This continues my June 17 post discussing my daily life here in San Pancho.
11:30AM: Fun Productivity
After I finish my coffee as I watch the world of San Pancho go by, I usually transition to an hour or so of “fun productivity,” a phrase stemming from my original “perfect day” exercise. Contrary to what may be the popular belief, I didn’t move here to lounge on the stoop or beach all day (just part of the day!). I like staying busy and being productive, so my second activity on most days is one of the following: (1) study espanol; (2) do online work; or (3) work on my website.
Studying espanol is pretty self-explanatory, and I’ll save the stories about my progress, tutor, and many foibles for another post. Online work consists of some bookkeeping for my cousin or honing my web development skills. I also spend time building and refining my website and generating web posts like this one so family and friends can share this adventure with me.
With an hour of productivity in the books, it’s time to reward myself! I usually walk the five minutes to the beach and frolic in the waves myself, but every so often, Estrella joins me. Estrella was one of my first Latina friends here in San Pancho, and she’s as cute as she is fun to be around. She also has four legs and is my landlord’s small and elderly dog.
During my first week in San Pancho, Estrella never strayed from Paula’s backyard, and I figured Paula wanted it that way. Midway to the beach during the second week, however, I heard the “click click click” of paw-nails against the sidewalk and – to my horror – watched as Estrella bounded past me. Not only had Estrella escaped the backyard, she was now on the other side of town without a leash (though given the town’s size, that’s not as dramatic as it sounds). I thought about trying to grab her and turn around, but she was prancing ahead of me, more eager than I to get to the sand.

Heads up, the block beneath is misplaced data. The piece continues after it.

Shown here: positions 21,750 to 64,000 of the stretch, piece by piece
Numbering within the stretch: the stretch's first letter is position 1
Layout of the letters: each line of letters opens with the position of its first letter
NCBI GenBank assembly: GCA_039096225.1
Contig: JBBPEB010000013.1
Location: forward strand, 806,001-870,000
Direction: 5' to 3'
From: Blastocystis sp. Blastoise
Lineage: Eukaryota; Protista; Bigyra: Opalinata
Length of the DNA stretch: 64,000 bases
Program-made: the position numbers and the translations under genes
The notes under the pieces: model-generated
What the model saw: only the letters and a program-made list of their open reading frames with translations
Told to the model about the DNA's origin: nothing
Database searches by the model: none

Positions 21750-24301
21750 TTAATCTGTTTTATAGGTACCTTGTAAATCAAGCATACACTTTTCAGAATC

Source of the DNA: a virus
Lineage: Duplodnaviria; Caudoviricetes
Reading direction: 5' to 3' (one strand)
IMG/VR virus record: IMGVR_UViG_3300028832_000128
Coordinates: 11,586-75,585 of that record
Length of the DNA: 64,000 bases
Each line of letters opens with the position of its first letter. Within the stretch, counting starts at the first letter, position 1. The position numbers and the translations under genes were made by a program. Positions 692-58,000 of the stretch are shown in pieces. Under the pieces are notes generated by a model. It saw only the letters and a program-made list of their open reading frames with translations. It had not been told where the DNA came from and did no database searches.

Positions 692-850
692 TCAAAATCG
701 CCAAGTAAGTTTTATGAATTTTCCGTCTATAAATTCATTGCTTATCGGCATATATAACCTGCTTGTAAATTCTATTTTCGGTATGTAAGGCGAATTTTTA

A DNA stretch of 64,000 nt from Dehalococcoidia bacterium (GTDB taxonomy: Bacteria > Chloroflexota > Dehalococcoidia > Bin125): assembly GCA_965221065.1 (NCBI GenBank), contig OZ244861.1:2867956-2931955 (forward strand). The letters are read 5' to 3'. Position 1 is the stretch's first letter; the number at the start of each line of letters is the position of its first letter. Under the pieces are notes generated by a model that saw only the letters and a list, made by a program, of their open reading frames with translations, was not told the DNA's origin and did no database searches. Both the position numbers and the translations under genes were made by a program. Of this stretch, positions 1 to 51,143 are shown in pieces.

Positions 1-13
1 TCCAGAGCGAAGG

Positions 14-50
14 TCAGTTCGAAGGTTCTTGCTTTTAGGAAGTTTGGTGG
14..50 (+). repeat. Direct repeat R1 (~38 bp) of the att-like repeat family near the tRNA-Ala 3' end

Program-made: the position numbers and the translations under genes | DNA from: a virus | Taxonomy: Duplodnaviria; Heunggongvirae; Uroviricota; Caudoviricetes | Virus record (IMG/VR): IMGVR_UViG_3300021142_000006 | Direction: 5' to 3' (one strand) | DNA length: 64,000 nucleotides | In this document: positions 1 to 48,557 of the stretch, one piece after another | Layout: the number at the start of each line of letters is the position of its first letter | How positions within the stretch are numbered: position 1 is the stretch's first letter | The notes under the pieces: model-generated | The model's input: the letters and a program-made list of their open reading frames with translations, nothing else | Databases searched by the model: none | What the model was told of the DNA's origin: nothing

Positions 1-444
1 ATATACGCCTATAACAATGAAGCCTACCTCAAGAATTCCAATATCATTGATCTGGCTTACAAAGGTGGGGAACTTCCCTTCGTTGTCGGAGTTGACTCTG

We spent the next half hour playing on the beach, with me taking a couple occasions to take a quick dip, nervously eyeing Estrella to ensure she didn’t run off. This turned out unnecessary, since Estrella simply sat at the shoreline, keeping a watchful eye on me, patiently awaiting my return. Ultimately, we made it back safe and sound, and when I recounted the story to Paula the next day – a little hesitantly, unsure if I was even allowed to take Estrella to the beach – she just laughed and said, “Ahhhh, muy bien! Estella le gusta la playa!!” (Ah very good! Estrella likes the beach!) For the record, Estrella is allowed to go wherever she wants, whenever she wants. In fact, she has two other homes (Paula has two other sisters who live in town), and frequently visits them when she gets bored with us.
I love Mexican food - it’s one of the reasons I came here. Although I haven’t seen a Chipotle yet, I’ve found something (possibly) even better: street tacos! You can’t walk down the cobblestone roads here without passing a couple vendors – usually older women with a cart, a case of Coca-Cola bottles, and some plastic tables and chairs. Preparation and presentation methods vary; some use two tortillas in each taco to prevent breakage, some put the toppings directly in the taco, some simply give you a tortilla and meat and let you do the rest, but the core offering remains the same.
I’ve gotten three tacos and a Coke/Pepsi from just about every taco stand within a 200-foot radius of my house (about six different places), never paying more than 48 pesos in total (about $2.70). In fact, I’ve eaten at the taco place directly across the street from my apartment once a day for all but six days of my stay here. There’s no sign or menus, but “Uno Mas” - as I believe it’s called - has the best tacos in town. My American friends here joke that I probably just heard that phrase (“One More”) and now wrongfully assume it’s the name (and that the friendly Mexicans just think I’m an ignorant gringo who always asks for one more taco).